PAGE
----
Research has shown that more than half of shoppers who come in to fill a prescription will also buy related food products in the same trip. For instance, while picking up heart medicine, they buy a quart of low-fat milk. More affluent elderly shoppers, coupled with increased prescribing and awareness about preventable chronic disease, presents opportunities for the supermarket as "wellness center" to cross-sell wellness-related items. And to make the picture even better, when asked by the International Food Information Council to name the foods they thought offered health benefits beyond nutrition, 1,000 consumers didn't leap to the obscure. Instead, they named the basics found on your aisles: Fruits and vegetables; fish, fish oil, seafood; milk and dairy; whole grains, oats, oat bran and oatmeal; fiber; green tea; meat, red meat and chicken; water; herbs and spices; and nuts.

So why not take the opportunity to more obviously connect the dots?

A program in seven states throughout the United States and the District of Columbia has attempted a novel effort to do just that, by working with local health clinics to "prescribe" fruits and vegetables to patients suffering chronic disease--typically diabetes related to obesity or unhealthy eating habits. Health clinics and farmers markets work together to enroll overweight and obese children in the program. During each monthly visit with a health-care provider, the participant gets a "prescription" for $1 per day per family member, which can only be redeemed for locally grown produce at the partnering farmers market.

For the 2012 program, the most recent results available, follow up surveys showed:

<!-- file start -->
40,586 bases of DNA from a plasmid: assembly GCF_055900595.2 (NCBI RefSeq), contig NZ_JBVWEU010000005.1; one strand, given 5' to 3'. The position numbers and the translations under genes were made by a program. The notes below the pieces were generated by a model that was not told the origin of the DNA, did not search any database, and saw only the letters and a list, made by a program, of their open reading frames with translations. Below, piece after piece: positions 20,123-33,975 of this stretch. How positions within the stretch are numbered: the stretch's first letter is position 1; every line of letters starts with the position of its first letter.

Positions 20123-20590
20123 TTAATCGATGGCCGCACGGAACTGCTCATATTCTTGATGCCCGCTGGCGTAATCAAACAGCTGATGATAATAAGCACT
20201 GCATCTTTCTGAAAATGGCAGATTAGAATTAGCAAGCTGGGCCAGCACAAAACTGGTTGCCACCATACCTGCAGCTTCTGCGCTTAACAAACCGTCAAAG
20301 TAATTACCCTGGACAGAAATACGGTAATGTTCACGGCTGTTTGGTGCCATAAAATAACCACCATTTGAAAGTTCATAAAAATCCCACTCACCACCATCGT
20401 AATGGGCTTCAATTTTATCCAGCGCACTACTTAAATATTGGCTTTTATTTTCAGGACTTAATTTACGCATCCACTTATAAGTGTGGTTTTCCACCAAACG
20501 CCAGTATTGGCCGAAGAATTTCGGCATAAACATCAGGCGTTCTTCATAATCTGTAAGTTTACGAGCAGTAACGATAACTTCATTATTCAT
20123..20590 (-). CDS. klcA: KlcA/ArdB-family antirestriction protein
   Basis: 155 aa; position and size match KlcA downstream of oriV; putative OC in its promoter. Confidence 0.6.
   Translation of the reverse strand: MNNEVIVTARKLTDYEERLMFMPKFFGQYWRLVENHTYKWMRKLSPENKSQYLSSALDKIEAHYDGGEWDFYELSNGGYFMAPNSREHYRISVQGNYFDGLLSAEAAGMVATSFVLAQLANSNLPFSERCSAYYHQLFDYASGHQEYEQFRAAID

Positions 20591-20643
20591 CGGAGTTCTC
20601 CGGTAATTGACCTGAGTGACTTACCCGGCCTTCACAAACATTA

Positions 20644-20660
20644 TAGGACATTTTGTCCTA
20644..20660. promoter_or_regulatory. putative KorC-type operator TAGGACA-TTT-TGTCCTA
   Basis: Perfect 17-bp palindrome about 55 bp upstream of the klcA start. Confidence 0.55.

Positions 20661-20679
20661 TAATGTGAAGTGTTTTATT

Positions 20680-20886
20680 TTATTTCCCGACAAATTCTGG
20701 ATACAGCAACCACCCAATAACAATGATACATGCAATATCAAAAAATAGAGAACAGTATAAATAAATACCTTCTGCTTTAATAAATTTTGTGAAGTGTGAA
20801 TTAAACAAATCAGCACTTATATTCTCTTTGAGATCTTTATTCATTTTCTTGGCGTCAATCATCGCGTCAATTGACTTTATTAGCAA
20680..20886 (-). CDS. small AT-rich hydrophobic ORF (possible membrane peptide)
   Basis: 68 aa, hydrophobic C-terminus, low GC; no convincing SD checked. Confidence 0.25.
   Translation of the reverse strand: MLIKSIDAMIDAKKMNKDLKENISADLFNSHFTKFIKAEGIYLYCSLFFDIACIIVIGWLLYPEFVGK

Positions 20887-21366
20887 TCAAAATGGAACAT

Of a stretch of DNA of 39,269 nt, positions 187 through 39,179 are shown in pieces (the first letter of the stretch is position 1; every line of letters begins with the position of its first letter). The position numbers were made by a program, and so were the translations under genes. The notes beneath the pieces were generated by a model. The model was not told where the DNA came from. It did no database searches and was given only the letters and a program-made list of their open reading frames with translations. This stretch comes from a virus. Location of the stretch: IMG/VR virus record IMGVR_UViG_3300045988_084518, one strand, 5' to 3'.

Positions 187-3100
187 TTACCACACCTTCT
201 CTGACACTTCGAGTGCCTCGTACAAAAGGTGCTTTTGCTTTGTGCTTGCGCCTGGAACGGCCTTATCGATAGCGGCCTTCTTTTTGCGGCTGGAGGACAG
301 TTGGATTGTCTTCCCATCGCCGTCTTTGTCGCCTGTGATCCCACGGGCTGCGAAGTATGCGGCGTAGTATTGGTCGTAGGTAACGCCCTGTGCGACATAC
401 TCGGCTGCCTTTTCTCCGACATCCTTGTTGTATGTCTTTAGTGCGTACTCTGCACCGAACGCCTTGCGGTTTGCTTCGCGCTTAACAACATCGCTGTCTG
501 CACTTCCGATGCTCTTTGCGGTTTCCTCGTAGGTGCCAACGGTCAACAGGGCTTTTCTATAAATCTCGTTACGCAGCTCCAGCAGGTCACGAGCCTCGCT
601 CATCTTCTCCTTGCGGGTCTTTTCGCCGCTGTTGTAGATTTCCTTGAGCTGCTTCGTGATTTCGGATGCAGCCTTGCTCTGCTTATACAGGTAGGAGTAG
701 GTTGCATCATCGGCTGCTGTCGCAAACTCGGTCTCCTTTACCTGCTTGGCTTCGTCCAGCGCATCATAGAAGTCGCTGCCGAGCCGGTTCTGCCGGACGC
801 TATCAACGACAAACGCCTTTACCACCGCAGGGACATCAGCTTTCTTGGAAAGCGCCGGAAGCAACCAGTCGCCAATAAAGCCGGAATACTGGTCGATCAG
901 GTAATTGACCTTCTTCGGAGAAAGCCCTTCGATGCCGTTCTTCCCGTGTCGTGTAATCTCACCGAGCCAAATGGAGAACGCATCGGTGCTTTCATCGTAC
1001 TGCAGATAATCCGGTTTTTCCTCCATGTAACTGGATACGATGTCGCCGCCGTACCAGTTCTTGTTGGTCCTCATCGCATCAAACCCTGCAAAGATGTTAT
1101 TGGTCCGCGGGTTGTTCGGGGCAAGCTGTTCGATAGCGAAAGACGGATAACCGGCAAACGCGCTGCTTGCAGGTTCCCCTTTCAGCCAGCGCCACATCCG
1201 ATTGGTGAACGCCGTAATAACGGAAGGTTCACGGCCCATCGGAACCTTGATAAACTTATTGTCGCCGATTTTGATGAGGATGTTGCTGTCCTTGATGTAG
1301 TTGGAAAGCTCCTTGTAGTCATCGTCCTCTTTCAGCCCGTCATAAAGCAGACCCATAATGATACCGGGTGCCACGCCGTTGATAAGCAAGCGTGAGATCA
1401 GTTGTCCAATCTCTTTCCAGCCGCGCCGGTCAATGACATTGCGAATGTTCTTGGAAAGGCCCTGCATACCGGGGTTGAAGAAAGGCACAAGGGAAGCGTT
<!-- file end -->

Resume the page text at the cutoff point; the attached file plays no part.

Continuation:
• More than 90 percent of patients said they were eating more fresh fruits and vegetables as a result.
  • Healthcare workers who asked patients during each visit to describe their daily fruit and vegetable consumption found 55 percent were eating more fruits and vegetables at their final visit than at their first.
  • Plus, 38 percent of child patients decreased their Body Mass Index between their first and last visit.

Although the Wholesome Wave program was intended to promote better access to Farmers Markets, which gives it a political mission, an independent community supermarket could learn much about adopting the concept into its own marketing program. Lessons learned:

  • Focus on community. The program likely succeeds because it is community-based. It encourages partnerships between doctors, nutritionists, community health workers, farmers, farmers market operators, and community members. Local, community-focused supermarkets should have a natural leg-up on that approach.
  • Take ownership. The local grocer will likely have to coordinate the program to see the benefits from it. In the states where the concept has worked, it has been spearheaded by an organization known as Wholesome Wave, an advocacy group for small farms, local food systems and farmers markets. The group does not advocate for better access to produce through supermarkets, beyond advocating for general increases in SNAP funding. Instead, it promotes farmers markets as healthier, higher quality sources than supermarkets. Grocers interested in capitalizing on the interest will have to pull together interested health providers and public or private funding sources to underwrite the program.
  • Use your store nutritionist as the point person. The Wholesome Wave program puts nutritionists in connection with the health-care provider and, in some cases, a community health worker who discuss the importance of healthy eating and active living, with a focus on the importance of eating fresh fruits and vegetables.
  • Survey, survey, survey. Collecting and analyzing data from participants about the changes in their food habits and health indicators is an integral part of the current programs. It also helps justify continued funding. Data collection occurs throughout program implementation, for about 16 to 20 weeks during the peak of farmers market fruit and vegetable season. Primary care providers track weight, Body Mass Index, and fruit and vegetable consumption at each, compiling it all into a secure online database all participating clinics can access for generalized data.